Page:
The benefits of posting 'OPC' on LinkedIn / Yuichiro Chino

Sharing “other people’s content" across your network weaves you into a rich feed and the larger conversation.

Content from other sources, what I call OPC or “other people’s content,” can prove to be valuable when you are establishing your professional credentials on LinkedIn – either on your personal profile or your company page.

As the main venue for vetting business professionals and companies, it is critical to make certain your LinkedIn profile, and company profile, offers fresh information on a regular basis to your followers.

As most do not generate original content, the easiest way to do this is to leverage content from other reliable sources.

Too many people and companies post only about themselves, squandering the opportunity to become a trusted source of information about the broader market for your followers.

It’s an art to curate OPC that is relevant and bolsters your positioning in the market you serve, weaving it into a rich feed that includes what is happening, why it matters and how you or your company are in the mix.

I get multiple news feeds from Washington Technology, GovConWire, other GovCon sources, and several sources inside LinkedIn, especially from a few select LinkedIn newsletters. These newsletters are not written by LinkedIn, but by LinkedIn members leveraging the platform to get their message out.

I also set up Google Alerts for several topics germane to me, my clients and my network. The alerts provide me with a variety of articles and blog entries, many of which are quite good.

One benefit of posting OPC is that you do not commit yourself to a specific day for posting, like you would if you were publishing a newsletter. You simply post when you find something worth sharing.

It also depends on what stage you are in in your LinkedIn journey. When you are building a following, you have to invest more time to post regularly and demonstrate your value to followers.

“Worth sharing” brings up another critical issue: what is worth posting? There are still those on LinkedIn who post the equivalent of cat videos, little “feel good” pieces that add little or no value to your network or your professional status. My advice is to save those posts for other social platforms like Facebook.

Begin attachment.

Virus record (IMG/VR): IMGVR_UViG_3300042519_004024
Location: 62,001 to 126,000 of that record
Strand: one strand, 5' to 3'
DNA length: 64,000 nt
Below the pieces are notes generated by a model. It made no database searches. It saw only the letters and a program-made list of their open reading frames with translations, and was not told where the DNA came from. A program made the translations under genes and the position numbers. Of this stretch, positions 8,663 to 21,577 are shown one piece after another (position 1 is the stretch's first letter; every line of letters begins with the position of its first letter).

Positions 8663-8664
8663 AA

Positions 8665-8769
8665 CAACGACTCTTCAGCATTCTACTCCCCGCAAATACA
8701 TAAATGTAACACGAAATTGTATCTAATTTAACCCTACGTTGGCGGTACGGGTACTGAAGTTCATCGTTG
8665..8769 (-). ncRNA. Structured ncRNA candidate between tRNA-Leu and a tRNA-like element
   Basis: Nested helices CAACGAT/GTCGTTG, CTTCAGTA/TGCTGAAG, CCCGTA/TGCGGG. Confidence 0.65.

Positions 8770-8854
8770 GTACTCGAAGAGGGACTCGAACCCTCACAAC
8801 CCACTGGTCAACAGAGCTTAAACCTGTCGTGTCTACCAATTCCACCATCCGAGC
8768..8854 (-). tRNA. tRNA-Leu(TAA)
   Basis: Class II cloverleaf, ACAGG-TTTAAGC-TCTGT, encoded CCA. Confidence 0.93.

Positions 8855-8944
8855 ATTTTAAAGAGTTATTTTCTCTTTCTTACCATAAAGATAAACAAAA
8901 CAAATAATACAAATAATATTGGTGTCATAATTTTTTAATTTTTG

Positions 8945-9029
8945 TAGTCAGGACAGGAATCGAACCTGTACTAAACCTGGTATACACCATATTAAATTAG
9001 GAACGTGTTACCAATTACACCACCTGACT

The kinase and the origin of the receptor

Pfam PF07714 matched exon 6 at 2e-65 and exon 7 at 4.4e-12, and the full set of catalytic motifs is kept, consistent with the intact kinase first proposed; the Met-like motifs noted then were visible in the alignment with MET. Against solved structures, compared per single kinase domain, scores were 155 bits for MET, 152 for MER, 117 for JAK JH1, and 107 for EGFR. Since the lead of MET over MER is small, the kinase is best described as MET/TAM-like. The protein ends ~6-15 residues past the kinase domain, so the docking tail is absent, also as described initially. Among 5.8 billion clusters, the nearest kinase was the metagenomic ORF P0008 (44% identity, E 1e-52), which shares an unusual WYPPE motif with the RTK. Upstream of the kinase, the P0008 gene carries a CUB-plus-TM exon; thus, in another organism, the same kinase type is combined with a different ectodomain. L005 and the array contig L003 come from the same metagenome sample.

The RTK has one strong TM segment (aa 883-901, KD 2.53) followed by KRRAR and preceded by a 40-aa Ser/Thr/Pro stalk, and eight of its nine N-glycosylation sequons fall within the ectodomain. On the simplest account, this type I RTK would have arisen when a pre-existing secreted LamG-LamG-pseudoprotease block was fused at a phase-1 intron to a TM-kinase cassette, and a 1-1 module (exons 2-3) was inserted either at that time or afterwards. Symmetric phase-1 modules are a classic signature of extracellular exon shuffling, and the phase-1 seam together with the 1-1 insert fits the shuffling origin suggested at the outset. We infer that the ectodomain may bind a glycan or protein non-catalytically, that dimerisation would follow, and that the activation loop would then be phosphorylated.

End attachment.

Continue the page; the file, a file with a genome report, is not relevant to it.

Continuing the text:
Criteria for OPC that is “worth posting” should include:

  • Is it relevant to my network
  • Does it add value to the conversation(s) I wish to start
  • Is it from a credible source
  • Is it authored by or does it mention a competitor
  • Will it help me build relationships with other thought leaders, media, partners, etc.

Things that are relevant to your network could include upcoming events (especially events where you and your company will be present); articles, white papers or case studies on your areas of expertise; published guidance and announcements from agencies, emerging contracts and the like.

Always read the content to make certain you are not highlighting the competition.

When posting an article or any piece of content from an outside source, you have two choices.  The first is to simply post the link and click “Post.” This lets the content speak for itself.

The second choice is curating before posting. I would recommend curating, putting your spin on the topic or highlighting a couple of salient points. This is more time consuming, but it shows that you are not simply sharing, but that you have read and thought about the content prior to sharing.

Either way, make sure to tag the source of content in your post. For example, if I share an article, I will reference and tag both the publication and the reporter/author.

Getting back to the benefits of posting on LinkedIn, the major benefit is that the more you post, your profile starts getting more “views” from people interested in what you post, and consequently, what you do. These views will come from both your first degree connections and those outside your immediate network. The more you post on your company profile,  the faster your “follower” base will grow.

Posting is one of the activities that helps build a subject matter experts (SME) position in our market, for individuals and companies.

Not that I have an opinion.